What Is the Fan Phenomenon in Adolescents?

The teen fan phenomenon helps teens connect and have fun, but can pose some risks. Find out more in the following article.
What Is the Fan Phenomenon in Adolescents?
Elena Sanz Martín

Written and verified by the psychologist Elena Sanz Martín.

Last update: 23 November, 2023

Do you remember that singer or that actress that you admired so much and followed during your youth? You knew all their work, you were aware of their tastes, and you watched every interview and read every magazine article that talked about this person. The fan phenomenon in teenagers is nothing new, and minors of all generations come to experience it.

Today, thanks to the internet and social networks, the “relationship” with these celebrities is different. Young people follow them in real time. They even establish a certain kind of communication with them. This feeds a fantasy that, although it may be natural and common in this vital stage, can also become harmful. We’ll tell you why.

What is the fan phenomenon in teenagers?

It’s normal for children and young people to feel admiration, liking, or fondness for athletes, social media influencers, or music bands. However, the fan phenomenon has different connotations, as the feeling is much more intense and can border on obsessive.

As its name suggests, we’re talking about a fanaticism in which these famous people cease to be mere entertainment and become the center of the lives of young people.

Therefore, they take these figures as references and role models. From them, they assimilate aspects such as aesthetics and dress, attitudes, values, and behaviors. Their admiration for their idols turns into devotion, which prevents them from being objective about what they see and hear.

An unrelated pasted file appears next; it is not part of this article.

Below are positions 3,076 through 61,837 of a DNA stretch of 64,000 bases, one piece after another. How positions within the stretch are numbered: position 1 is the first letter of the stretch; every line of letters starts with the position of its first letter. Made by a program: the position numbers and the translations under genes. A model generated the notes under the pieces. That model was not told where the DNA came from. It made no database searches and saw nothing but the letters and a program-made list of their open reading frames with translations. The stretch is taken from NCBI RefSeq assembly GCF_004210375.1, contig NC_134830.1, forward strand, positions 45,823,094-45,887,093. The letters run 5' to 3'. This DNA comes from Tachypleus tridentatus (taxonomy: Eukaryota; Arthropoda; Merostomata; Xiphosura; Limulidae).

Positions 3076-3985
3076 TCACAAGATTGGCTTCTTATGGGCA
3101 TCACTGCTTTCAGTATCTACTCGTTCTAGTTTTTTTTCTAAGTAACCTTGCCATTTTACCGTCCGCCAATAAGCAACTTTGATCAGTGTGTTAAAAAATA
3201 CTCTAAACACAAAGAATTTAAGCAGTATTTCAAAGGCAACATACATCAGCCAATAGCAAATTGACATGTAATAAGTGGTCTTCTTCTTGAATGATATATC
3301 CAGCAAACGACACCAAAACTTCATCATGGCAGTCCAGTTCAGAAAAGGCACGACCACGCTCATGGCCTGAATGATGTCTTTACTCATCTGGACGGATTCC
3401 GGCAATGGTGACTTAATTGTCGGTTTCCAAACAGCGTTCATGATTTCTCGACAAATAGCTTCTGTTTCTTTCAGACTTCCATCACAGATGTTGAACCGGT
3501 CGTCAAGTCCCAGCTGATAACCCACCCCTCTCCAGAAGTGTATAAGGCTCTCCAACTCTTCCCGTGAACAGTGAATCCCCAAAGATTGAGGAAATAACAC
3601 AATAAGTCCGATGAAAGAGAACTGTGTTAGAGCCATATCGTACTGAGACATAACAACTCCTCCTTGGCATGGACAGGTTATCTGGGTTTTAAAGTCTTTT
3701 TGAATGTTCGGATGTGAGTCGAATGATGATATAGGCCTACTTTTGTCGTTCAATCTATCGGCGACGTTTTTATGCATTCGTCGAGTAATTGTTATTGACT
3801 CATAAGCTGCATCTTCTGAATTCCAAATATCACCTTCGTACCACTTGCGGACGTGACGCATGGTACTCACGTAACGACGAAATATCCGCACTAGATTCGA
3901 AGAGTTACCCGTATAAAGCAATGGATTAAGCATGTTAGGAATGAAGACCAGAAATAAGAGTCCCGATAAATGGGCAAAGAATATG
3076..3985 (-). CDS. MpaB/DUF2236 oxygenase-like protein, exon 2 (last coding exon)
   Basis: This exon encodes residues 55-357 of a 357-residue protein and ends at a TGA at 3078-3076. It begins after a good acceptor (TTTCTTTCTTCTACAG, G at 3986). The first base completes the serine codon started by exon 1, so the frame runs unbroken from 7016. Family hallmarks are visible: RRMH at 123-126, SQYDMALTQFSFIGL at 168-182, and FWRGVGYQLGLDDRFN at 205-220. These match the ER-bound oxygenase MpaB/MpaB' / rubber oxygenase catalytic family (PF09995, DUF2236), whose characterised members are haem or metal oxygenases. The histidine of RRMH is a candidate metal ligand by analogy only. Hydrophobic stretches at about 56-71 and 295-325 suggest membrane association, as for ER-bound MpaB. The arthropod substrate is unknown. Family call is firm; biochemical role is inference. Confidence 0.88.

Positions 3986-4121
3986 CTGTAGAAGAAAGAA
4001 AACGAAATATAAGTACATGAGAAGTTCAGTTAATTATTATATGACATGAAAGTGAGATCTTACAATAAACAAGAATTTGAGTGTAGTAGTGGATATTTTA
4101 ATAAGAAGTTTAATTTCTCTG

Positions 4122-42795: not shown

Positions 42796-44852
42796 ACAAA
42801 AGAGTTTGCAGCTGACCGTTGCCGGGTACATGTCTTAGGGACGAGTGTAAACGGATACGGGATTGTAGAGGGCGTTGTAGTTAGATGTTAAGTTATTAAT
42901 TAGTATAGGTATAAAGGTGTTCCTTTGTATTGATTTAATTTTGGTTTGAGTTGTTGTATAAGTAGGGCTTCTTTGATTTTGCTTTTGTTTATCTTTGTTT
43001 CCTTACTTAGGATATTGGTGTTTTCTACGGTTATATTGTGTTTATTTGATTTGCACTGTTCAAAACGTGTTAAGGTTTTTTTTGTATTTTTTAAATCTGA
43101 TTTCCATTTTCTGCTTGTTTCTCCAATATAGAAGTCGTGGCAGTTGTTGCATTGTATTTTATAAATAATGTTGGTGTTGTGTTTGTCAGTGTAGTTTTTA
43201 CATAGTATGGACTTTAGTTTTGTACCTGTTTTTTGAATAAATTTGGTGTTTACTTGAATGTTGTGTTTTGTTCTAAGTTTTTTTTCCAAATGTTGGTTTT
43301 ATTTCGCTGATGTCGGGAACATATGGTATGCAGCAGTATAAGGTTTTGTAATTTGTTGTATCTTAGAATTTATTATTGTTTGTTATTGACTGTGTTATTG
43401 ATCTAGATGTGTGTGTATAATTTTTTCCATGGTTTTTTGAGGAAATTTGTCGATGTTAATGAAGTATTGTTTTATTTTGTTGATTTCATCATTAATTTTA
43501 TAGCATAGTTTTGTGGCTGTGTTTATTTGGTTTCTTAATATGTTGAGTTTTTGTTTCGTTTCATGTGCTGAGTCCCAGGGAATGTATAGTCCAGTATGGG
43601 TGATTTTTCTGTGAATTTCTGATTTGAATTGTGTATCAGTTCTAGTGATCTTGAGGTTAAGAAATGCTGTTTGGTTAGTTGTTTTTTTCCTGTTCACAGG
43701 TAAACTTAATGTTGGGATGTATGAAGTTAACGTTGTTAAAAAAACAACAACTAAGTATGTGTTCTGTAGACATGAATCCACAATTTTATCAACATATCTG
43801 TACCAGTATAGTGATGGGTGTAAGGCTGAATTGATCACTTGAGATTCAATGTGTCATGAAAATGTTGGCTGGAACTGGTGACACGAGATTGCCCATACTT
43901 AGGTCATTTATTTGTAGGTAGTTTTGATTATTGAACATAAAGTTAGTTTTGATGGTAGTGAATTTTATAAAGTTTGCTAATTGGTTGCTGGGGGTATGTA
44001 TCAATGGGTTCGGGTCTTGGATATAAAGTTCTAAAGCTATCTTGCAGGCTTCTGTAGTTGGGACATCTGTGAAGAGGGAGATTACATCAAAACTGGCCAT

The main characteristics

The fan phenomenon in adolescents has some particular characteristics. The following are some of the most common ones and may be the key for adults to understand that this fanaticism is moving on to a new level.

The adolescent idealizes the person of whom they’re a fan.

They only perceive and value their positive qualities, extolling them, while overlooking their possible flaws or areas for improvement. They feel that this is someone who’s exceptional and wonderful.

They encourage others to become fans of this person as well

And, if someone criticizes the object of their admiration, the young person blatantly defends them, feeling that this comment is a criticism of themself. This could be taken as a warning sign. In fact, this overreaction suggests an unhealthy emotional dependency or an extreme idealization of the person in question.

They seek to resemble the celebrity as much as possible

In other words, they imitate their appearance, their way of speaking, and their attitudes. It’s also likely that they want to achieve the same success in the same area as that person. While it’s natural to find inspiration in public figures and aspire to success, it’s important to maintain our own identity and originality. Trying to copy someone in their entirety can lead to the loss of our own unique voice and perspective.

They know everything about that person’s life

They search and draw from all possible sources (social networks, forums, magazines, documentaries…) to achieve this. They also take a very active role in clubs or fan groups that share the same passion or admiration for that idol.

They try to establish a relationship that’s as close as possible with their idol

This may lead them to attend all their concerts or matches, interact with all their publications on social media, or try to establish a conversation through direct messages on some social media platform.

Why does the fan phenomenon occur in adolescents?